Unsolicited email, otherwise known as spam, has been a major problem since the early days of the Internet. It is believed that the very first spam was sent in 1978, to a total of 600 email addresses. In those days, Internet users were generally charged for usage, and email boxes were limited to only a few megabytes of storage space. When the storage limit was reached, the email provider could simply stop delivering messages or, on some providers, charge a fee for every message over the limit. The charges incurred by internet users to receive and maintain email boxes full of spam led to spam’s being compared to postage-due junk mail.
As the internet expanded, so did the level of spam that was generated. By 2003, the total number of spam messages per day was in the billions. Clearly, it was time for legislation. The CAN-SPAM Act was signed into law on December 16, 2003. Although anti-spam activists immediately dubbed the new law the “Yes, You Can Spam” Act, because it did not specifically tell marketers not to send spam, the Act does put several controls on the sending of unsolicited email. Here is a basic guide to the CAN-SPAM Act.
Permitted Commercial Email
Under the CAN-SPAM Act, unsolicited commercial email may be transmitted provided that it meets the following guidelines:
1. Unsubscribe Compliance
The email must provide a clearly visible, usable means of unsubscribing. Opt-out requests must be honored within 10 days of receipt, and opt-out lists can be used only for compliance purposes.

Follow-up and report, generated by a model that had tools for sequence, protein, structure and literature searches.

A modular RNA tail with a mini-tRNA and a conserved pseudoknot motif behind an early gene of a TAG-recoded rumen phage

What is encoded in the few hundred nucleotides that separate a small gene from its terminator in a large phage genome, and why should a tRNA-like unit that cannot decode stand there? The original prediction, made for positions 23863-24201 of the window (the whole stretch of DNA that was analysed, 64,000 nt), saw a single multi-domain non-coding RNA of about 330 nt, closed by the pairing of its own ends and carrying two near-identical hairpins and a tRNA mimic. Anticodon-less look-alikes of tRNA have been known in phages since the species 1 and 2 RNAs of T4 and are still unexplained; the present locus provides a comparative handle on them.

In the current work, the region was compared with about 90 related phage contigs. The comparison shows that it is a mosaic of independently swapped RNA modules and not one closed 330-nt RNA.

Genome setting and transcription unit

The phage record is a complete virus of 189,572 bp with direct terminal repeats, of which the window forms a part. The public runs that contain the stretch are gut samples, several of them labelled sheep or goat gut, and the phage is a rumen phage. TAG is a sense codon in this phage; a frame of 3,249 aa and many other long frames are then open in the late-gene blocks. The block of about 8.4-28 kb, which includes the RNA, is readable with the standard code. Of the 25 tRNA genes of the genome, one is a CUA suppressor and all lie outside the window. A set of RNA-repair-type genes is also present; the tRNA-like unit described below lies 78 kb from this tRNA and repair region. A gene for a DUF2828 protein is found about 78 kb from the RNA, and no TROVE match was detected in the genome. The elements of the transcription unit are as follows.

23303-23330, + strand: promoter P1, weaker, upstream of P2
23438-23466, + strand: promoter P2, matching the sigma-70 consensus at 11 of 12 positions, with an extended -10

2. Content Compliance
The email address must accurately reveal the sender’s identity. The subject line must be related to the content and not deceptive in any way. The email must contain a legitimate physical address for the publisher or advertiser. Finally, the message must clearly be labeled as Sexually Explicit if it contains adult content.
3. Sending Behavior Compliance
Email addresses may not be harvested from other websites, nor generated by combining letters and numbers in various patterns. Commercial emails may not be sent through open relays, Trojan horses or other means of hijacking another computer for use in emailing.
Religious and political messages and messages regarding national security are exempt from the CAN-SPAM Act.
Penalties for Violation
Sending unsolicited email that bears misleading headers or deceptive subject lines, does not offer a usable opt-out mechanism or does not provide a physical address may carry fines of up to $11,000 per incident. Deceptive email may also violate false advertising laws.
Additional fines may be assessed to those who harvest email addresses, use scripts to generate new email accounts for the purposes of sending out mass emails or relay emails through a computer or network without permission.
Criminal charges may be brought against those who send commercial email from another computer without permission; use a computer to relay multiple messages with an intent to deceive the recipients as to the origin of the messages; falsify header information in multiple transmitted emails; register for multiple domains or email addresses using a false identity; or falsely represent themselves as the owner of multiple IP addresses from which commercial emails are sent.